Muslims have to respect strict dietary regulations, meaning that they should only eat halal food – including meat from animals slaughtered under Islamic practice.This content was published on March 22, 2010 - 16:23
Swiss Muslims can choose between many products bearing the halal label, but a single certification does not exist, which can lead to confusion and abuse.
Those following Islam make up an estimated around 20 per cent of the world’s population or more than 1.3 billion people.
This makes the halal food market an attractive one in economic terms. For example, Swiss food giant Nestlé had a turnover of SFr5.3 billion ($5 billion) in the halal food sector in 2008.
Switzerland’s 400,000 Muslims can buy the products in several stores. Among the larger ones supermarket chain Coop has been offering halal-labelled items since August 2009. Only Manor has been selling halal food longer.
Added to this are the independent butchers, seemingly giving a broad choice to Muslim consumers.
But in reality, shopping for Islamic food products can often be difficult because there is no single halal label. In fact, there are around one hundred different ones in circulation, from various issuing centres, like the Islamic Food Council of Europe.
Halal is an Arabic word which means lawful or permitted and in Islam covers behaviour, the way of speaking, clothing and food.
Mohammed Kaba, director of the Islamic Centre in Lausanne, explains: “The problem arises especially over meat. It is very important to know about its provenance – pork is in fact banned by the Koran – and the way of slaughtering, whether the animal has had its throat cut according to Islamic ritual, through the cutting of the two carotid arteries without it being stunned beforehand.”
But the issue is more complex than that, he added. “There are other types of meat which are also prohibited, for example everything which is linked to pork, such as wild boar,” said Kaba.
Alcohol is banned, as are animal fats, which also affects sweets.
In Switzerland the practice of ritual slaughter - without stunning the animal before it bleeds to death - has been outlawed since 1978, under animal protection legislation.
However, as the freedom of religion and faith of both the Islamic and Jewish communities is set out in the Swiss Constitution, the import of ritual slaughter meat from other countries is permitted.
This is an issue that has been addressed by Coop. It pointed out in a statement when it launched its range of halal-labelled products that, “the animals are stunned before being slaughtered”.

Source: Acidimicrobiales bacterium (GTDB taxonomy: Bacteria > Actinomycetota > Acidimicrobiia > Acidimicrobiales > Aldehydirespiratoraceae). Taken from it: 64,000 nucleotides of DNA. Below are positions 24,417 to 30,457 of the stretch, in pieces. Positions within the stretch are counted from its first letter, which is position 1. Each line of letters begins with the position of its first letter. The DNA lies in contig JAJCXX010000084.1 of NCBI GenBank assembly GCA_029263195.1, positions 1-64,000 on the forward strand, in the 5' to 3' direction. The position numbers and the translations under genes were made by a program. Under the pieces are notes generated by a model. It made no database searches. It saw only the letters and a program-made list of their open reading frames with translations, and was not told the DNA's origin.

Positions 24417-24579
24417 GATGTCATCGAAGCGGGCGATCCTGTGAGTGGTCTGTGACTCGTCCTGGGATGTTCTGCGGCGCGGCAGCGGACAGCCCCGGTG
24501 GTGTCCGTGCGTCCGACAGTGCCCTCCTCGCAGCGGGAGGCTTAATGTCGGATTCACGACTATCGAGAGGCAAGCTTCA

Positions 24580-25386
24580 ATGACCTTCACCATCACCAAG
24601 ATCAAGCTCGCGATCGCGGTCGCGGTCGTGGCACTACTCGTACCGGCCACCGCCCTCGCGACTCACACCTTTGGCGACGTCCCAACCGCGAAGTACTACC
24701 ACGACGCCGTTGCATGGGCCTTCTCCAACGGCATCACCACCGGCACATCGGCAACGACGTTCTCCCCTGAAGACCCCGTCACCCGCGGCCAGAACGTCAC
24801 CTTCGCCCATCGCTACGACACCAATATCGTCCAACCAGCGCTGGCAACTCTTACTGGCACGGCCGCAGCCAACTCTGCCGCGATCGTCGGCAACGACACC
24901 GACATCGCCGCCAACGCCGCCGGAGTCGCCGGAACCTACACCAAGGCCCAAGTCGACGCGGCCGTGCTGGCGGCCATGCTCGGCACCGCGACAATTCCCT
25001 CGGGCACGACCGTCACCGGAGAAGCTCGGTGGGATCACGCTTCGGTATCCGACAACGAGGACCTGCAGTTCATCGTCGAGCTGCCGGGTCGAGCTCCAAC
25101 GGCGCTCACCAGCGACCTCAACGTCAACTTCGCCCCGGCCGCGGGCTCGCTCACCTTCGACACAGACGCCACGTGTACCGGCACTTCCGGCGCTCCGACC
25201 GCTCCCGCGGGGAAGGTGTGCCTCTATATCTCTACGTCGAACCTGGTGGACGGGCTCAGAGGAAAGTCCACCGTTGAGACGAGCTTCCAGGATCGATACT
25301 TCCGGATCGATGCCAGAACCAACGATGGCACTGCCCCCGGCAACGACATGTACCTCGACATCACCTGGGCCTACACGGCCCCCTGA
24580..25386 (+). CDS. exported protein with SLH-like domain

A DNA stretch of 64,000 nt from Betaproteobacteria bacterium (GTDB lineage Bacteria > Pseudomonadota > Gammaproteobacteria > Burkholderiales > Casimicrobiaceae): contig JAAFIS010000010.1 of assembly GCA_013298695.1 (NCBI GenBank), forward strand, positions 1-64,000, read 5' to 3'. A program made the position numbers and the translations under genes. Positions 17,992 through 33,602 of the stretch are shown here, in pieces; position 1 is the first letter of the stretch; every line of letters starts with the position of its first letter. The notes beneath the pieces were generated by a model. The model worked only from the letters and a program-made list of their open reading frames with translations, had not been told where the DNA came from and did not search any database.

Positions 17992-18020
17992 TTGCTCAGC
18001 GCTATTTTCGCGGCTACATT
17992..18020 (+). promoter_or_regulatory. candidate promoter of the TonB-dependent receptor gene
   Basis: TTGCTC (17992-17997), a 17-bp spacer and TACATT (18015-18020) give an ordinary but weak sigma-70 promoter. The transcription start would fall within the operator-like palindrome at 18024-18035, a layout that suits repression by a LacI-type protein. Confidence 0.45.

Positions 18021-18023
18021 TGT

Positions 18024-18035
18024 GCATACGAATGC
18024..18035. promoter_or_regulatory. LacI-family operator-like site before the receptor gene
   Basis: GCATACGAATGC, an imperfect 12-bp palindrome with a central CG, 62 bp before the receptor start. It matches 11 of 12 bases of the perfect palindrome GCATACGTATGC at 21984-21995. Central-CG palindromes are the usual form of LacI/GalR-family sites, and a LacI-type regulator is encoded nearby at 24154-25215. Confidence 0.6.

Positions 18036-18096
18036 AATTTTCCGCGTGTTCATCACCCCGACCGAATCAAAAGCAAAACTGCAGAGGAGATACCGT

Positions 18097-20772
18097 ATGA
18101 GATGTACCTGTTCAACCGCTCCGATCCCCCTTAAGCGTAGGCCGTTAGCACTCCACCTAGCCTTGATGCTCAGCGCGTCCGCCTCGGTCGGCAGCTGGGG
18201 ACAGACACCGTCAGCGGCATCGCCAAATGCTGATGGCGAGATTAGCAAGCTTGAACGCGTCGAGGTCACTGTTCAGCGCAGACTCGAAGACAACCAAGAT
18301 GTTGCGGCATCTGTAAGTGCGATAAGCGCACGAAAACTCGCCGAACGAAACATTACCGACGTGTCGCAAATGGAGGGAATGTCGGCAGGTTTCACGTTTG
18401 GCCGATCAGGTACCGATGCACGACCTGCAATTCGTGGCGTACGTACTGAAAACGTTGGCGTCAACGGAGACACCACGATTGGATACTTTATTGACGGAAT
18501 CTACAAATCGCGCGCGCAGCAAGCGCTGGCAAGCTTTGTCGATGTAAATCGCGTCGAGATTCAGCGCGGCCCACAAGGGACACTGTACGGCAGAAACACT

In this way no Swiss laws are broken, the supermarket chain said. The only difference to the normal process is, “the presence of a person of the Muslim faith at the moment of slaughtering”.
This is a decision which has caused puzzlement among some Muslims, who find it difficult to consider the products truly halal. There are also others who cannot conceive of buying such items in stores which also sell pork and alcohol.
In addition, there are other issues. “There are people for whom any kind of meat which is not pork is allowed,” Kaba said.
This also applies to many butchers and restaurants which say they offer halal food when in reality they do not, he added.
The Lausanne Mosque has therefore drawn up a list of butchers offering halal meat as set out in the Koran. This is established through inspections and by offering training courses for workers in the shops concerned.
In Ticino, the Italian-speaking part of Switzerland, meat is often bought from neighbouring Italy, where ritual slaughter is allowed.
Some Muslims would like to see a better labelling system. “The fact that Muslims can find halal food quite easily in big shops is certainly positive and necessary on condition that the labelling respects reality,” said Jelassi Radouan Samir, an Imam active in Ticino.
“Every true practising Muslim should observe the dictates of the Koran, it’s a life principle,” he added.
“As a consequence, it is very important to install a control mechanism on the halal market, which is too often subject to being abused for commercial ends. A Muslim should be able to buy a real halal product, not just a word. It’s a question of transparency and responsibility.”
Andrea Clementi, swissinfo.ch (Translated from Italian by Isobel Leybold-Johnson)
Muslims in Switzerland
The Muslim community in Switzerland accounts for about 4.5% of the population.
Most Muslim immigrants came from the former Yugoslavia and Turkey. The community includes up to 100 nationalities.
The number of Muslims doubled between the censuses of 1990 and 2000, largely boosted by an influx of refugees and asylum seekers, including from the war in the former Yugoslavia.
There are about 200 mosques and prayer houses in Switzerland, but only four have a minaret.
On November 29, 57 per cent of voters supported a people’s initiative to ban the construction of new minarets in Switzerland. This was in the wake of heated debates and legal battles at a local level about requests by mosques to build more minarets.
Ritual slaughter in Switzerland
The ban on ritual slaughtering, as used by Jews and Muslims, in which the animal bleeds to death without first being stunned, has been banned in Switzerland since 1893.
This came about after a national vote on the issue following a people’s initiative launched by an animal protection society. It was accepted by 60 per cent of voters.
The animal protection law of 1978 enshrined the ban. But the import of halal and kosher meat to respond to the needs of the Muslim and Jewish communities is allowed.
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